With the Iowa caucus less than two weeks away and the Republican presidential race still up for grabs, we take an in-depth look at the state of politics and money and how last year’s U.S. Supreme Court ruling in Citizens United v. Federal Election Commission has altered campaign fundraising since it opened the floodgates for unlimited corporate spending on election campaigns. Several recent exposés reveal how Newt Gingrich has skirted campaign finance rules to raise millions of dollars in unlimited donations from billionaire backers and big industry. McClatchy Newspapers recently reported Gingrich helped bankroll his resurrection as a candidate by exploiting a gap in federal campaign finance laws to create a political money machine that raised $54 million over five years. Meanwhile, the Center for Public Integrity has published new details on how Gingrich has the backing of two so-called super PACs that raise unlimited donations, but legally must operate independently of the campaign. We speak with Peter Stone, a reporter with Center for Public Integrity who has covered lobbying and campaign finance issues for the past two decades, and McClatchy investigative reporter Greg Gordon. [includes rush transcript]
This is a rush transcript. Copy may not be in its final form.
JUAN GONZALEZ: The Iowa caucus is less than two weeks away. The Republican presidential race is still up for grabs. One recent poll in Iowa shows Texas Congressman Ron Paul in the lead, followed by Massachusetts Governor Mitt Romney and former House Speaker Newt Gingrich. Five different candidates have led the Iowa polls in recent months.
We turn now to an in-depth look at the state of politics and money and how last year’s Supreme Court ruling in Citizens United has altered campaign fundraising. The ruling opened the floodgates for unlimited corporate spending on election campaigns.
Several exposés have recently been published looking at how Newt Gingrich has skirted campaign finance rules to raise millions of dollars in unlimited donations from billionaire backers and big corporations. McClatchy Newspapers recently reported Gingrich helped bankroll his resurrection as a candidate by exploiting a gap in federal campaign finance laws to create a political money machine that raised $54 million over five years, including over $7 million from the billionaire Las Vegas casino owner Sheldon Adelson.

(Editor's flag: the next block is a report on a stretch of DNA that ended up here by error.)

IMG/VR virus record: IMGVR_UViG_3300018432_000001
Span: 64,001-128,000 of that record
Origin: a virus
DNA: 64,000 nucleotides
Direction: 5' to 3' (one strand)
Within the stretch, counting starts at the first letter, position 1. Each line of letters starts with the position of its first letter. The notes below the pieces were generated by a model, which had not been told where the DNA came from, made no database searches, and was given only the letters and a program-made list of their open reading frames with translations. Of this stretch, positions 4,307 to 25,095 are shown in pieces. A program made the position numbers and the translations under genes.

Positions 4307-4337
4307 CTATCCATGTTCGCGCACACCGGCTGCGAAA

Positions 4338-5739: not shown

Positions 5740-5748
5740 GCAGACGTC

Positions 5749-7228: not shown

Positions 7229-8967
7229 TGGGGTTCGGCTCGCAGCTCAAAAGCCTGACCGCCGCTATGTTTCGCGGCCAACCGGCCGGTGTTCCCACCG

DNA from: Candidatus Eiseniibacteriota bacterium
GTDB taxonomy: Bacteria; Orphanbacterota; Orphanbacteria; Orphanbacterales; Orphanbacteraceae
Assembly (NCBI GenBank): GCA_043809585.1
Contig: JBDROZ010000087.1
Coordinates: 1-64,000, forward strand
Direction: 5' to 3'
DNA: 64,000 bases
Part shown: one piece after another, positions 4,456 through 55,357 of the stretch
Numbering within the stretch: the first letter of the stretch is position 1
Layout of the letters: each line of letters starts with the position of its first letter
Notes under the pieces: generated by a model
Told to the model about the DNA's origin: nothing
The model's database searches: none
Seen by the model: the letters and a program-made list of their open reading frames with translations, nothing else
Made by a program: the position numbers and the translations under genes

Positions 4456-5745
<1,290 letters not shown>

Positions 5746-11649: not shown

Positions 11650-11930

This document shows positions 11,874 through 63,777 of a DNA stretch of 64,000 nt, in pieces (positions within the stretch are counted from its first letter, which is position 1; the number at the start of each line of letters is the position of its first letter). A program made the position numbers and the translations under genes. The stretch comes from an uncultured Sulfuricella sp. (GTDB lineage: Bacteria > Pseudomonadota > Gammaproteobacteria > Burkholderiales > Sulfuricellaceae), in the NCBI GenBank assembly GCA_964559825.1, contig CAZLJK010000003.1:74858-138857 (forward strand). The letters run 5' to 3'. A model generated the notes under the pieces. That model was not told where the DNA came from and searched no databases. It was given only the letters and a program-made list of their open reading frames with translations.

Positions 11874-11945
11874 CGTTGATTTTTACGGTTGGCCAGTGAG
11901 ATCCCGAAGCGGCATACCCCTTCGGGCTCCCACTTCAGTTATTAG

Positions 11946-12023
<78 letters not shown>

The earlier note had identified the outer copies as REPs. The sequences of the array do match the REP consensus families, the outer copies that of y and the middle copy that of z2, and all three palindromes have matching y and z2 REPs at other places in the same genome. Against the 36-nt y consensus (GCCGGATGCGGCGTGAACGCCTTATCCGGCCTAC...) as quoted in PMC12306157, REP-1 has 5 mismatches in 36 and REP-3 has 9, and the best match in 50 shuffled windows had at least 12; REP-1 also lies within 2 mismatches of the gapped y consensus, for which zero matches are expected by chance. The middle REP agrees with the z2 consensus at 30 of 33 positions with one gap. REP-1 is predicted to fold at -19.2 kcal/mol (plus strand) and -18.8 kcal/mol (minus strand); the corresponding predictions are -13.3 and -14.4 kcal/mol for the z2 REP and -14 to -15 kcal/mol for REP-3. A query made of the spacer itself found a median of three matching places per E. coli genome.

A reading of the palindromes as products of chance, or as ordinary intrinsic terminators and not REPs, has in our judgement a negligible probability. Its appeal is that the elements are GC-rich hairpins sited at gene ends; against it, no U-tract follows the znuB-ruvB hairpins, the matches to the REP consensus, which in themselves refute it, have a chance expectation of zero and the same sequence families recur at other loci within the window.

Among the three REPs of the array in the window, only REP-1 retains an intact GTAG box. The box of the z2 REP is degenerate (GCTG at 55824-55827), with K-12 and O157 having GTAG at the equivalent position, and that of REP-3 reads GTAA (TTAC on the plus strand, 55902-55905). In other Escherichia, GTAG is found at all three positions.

AMY GOODMAN: Meanwhile, the Center for Public Integrity has exposed new details on how Newt Gingrich is receiving the backing of two so-called super PACs that raise unlimited donations. Donors can provide unlimited donations to these independent groups that were formed to help Gingrich, but legally must operate independently of the campaign. Earlier this week, one of the super PACs, known as Winning Our Future, released this ad:
WINNING OUR FUTURE AD: Proven conservative leadership: Newt Gingrich. In uncertain times, we need a leader whose commitment to conservative values has been tested. Newt stood with Ronald Reagan. Newt stood up to Bill Clinton. And Newt was there for conservative values. But most importantly, Newt has always believed in the greatness of America, that America’s best days are ahead. The choice: Newt Gingrich, the proven conservative leader. Winning Our Future is responsible for the content of this message.
AMY GOODMAN: Newt Gingrich, of course, is not the only presidential hopeful benefiting from super PACs that take in unlimited donations. A Mitt Romney-aligned group called Restore Our Future PAC recently produced this anti-Gingrich ad.
RESTORE OUR FUTURE AD: And on the issues, Newt’s been on all sides. He supports amnesty for millions of illegal immigrants. Gingrich even teamed up with Nancy Pelosi and Al Gore on global warming. And Newt was a longtime supporter of a national health insurance mandate, the centerpiece of Obamacare. Maybe that’s why George Will called Gingrich the least conservative candidate. The Gingrich record: 30 years in Washington flip-flopping on issues. Check the facts at newtfacts.com. Restore Our Future, Inc., is responsible for the content of this message.
AMY GOODMAN: To talk more about money and politics, we’re joined by two guests in Washington. Peter Stone is reporter at Center for Public Integrity. He has covered lobbying and campaign finance issues for the past two decades in Washington. He is author of Casino Jack, a book about the Jack Abramoff lobbying scandal. And Greg Gordon is with us, investigative reporter for McClatchy’s Washington bureau.
Peter Stone, let’s start with you. Give us the overarching story of what you call the "independent gold rush" since the Supreme Court’s Citizens United decision.